Analysis of two damaged brains, preserved in a museum since the nineteenth century, could force neuroscientists to rethink the area where language resides in the brain.

Paul Broca: discovered a region of the brain responsible for language. Credit: CORBIS

In 1861, the French surgeon and anatomist Paul Broca described two patients who had lost the ability to speak. One patient, Lelong, could produce only five words, and the second, Leborgne, could utter only one sound — “tan”. After their deaths, Broca examined their brains and noticed that both had damage to a region in the frontal area on the left side. Broca's area, as it became known, is now thought to be the brain's speech-processing centre.

Broca kept the patients' brains for posterity, preserving them in alcohol and placing them in a Paris museum. And that's where Nina Dronkers, of the VA Northern California Health Care System in Martinez, and her colleagues picked them up, in order to reinspect the damage using magnetic resonance imaging.

Leborgne's brain had been scanned twice before, but not Lelong's. And neither had been compared with modern interpretations of Broca's area. After the team put the two brains through a scanner, they came up with a surprising finding: in both patients, the damaged area was much larger than the region that is now considered to be Broca's area.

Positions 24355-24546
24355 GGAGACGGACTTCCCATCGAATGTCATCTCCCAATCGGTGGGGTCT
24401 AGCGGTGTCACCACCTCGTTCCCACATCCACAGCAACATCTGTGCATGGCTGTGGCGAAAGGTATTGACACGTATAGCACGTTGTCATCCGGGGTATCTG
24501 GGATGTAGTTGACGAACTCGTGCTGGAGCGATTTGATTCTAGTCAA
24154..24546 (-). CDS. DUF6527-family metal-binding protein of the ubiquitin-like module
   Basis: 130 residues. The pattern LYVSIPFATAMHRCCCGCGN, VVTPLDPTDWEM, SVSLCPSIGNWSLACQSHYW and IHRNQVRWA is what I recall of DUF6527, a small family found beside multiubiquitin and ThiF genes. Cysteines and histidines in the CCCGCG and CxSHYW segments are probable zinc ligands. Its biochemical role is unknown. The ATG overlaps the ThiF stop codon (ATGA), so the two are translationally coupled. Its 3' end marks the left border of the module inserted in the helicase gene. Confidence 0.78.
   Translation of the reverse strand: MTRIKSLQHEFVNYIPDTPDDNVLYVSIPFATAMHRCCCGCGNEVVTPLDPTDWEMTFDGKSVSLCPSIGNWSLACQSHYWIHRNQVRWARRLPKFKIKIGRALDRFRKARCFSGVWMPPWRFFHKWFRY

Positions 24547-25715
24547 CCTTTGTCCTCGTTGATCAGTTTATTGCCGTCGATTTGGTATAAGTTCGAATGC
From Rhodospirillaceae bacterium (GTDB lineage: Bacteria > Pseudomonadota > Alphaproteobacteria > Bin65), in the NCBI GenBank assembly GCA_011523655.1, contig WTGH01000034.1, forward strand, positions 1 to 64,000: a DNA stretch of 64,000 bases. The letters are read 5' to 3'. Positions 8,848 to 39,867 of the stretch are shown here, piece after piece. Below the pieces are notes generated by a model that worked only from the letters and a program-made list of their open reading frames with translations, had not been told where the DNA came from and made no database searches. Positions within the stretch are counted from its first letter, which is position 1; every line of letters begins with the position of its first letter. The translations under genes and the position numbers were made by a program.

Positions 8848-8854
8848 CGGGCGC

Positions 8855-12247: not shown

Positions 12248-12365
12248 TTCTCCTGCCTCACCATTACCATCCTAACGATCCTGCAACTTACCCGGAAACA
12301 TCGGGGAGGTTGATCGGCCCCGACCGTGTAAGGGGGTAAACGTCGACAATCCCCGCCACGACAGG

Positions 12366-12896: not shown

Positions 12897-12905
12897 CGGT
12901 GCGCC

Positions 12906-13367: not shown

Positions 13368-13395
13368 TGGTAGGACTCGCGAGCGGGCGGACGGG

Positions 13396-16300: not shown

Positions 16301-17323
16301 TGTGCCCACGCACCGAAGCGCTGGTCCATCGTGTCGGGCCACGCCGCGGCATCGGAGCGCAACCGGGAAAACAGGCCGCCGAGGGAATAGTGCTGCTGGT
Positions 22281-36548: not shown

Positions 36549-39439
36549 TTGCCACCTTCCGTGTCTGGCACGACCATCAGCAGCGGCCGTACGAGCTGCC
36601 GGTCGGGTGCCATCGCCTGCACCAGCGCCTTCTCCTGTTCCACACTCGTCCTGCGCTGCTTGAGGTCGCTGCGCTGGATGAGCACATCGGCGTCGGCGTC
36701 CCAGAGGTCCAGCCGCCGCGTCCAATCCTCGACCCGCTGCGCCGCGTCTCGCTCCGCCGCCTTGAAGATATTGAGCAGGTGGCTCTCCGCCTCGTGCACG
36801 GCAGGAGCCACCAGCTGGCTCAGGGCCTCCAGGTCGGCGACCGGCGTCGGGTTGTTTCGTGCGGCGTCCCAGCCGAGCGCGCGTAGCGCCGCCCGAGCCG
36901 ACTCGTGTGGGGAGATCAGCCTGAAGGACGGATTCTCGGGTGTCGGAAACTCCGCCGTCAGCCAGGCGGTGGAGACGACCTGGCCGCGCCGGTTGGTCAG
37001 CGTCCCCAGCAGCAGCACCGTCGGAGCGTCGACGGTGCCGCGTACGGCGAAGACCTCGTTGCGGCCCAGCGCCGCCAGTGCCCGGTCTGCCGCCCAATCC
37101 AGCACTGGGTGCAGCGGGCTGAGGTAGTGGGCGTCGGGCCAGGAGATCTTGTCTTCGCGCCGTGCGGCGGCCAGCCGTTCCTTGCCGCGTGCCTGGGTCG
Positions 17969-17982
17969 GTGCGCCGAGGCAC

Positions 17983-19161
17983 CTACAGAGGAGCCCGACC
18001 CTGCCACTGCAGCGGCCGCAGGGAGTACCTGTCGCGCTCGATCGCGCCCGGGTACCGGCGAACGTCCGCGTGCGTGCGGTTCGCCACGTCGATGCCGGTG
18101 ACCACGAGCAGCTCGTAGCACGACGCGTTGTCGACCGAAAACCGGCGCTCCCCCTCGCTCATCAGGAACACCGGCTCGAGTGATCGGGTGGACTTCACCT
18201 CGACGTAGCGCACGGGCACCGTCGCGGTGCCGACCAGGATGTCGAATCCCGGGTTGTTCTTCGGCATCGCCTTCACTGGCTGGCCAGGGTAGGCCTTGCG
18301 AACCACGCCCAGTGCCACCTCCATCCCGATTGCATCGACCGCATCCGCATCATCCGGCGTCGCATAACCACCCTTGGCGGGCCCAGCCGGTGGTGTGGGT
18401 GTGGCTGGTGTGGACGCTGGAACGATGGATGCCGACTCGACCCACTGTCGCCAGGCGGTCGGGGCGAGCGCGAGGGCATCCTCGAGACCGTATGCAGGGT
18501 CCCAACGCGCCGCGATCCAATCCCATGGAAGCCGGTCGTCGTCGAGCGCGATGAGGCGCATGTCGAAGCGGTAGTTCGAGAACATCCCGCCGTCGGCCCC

“We were noticing that what people were calling Broca's area encompassed large areas of the frontal lobe,” says Dronkers. The scans show that neither of the old brains had damage that affected the whole region now known as Broca's area. But damage also stretched far into other regions beyond this spot.

The brain of Lelong, one of Broca's patients, about to be scanned. Credit: N. DRONKERS

Broca realized this at the time, says Dronkers, and noted that the areas of damage were different in the two patients. But his conception of the area involved in speech processing has become simplified by others over time, the authors argue. They published their findings online earlier this month in the journal Brain (N. F. Dronkers, O. Plaisant, M. T. Iba-Zizen and E. A. Cabanis Brain doi:10.1093/brain/awm042; 2007).

This misplaced focus could lead to problems when diagnosing people with language impairments, says Dronkers. By assuming that only one small area of the brain is responsible for language, clinicians might overlook other regions involved in speech production. In other words, focusing too heavily on Broca's area could be missing the point, Dronkers argues.

Others agree. “There's a tendency for researchers to see activation in somewhere like Broca's area and to say 'oh well, we're tapping into a language area',” says Joseph Devlin, a neuroscientist at the University of Oxford, UK, who images language networks in the brain.

Newer imaging techniques may also help researchers to discover what Broca was unable to see. Dronkers and Devlin are both working on the use of alternative imaging techniques to investigate other regions of the brain that may be important in language processing but which are not detected by magnetic resonance imaging, such as the tracts of white matter that connect areas of grey matter.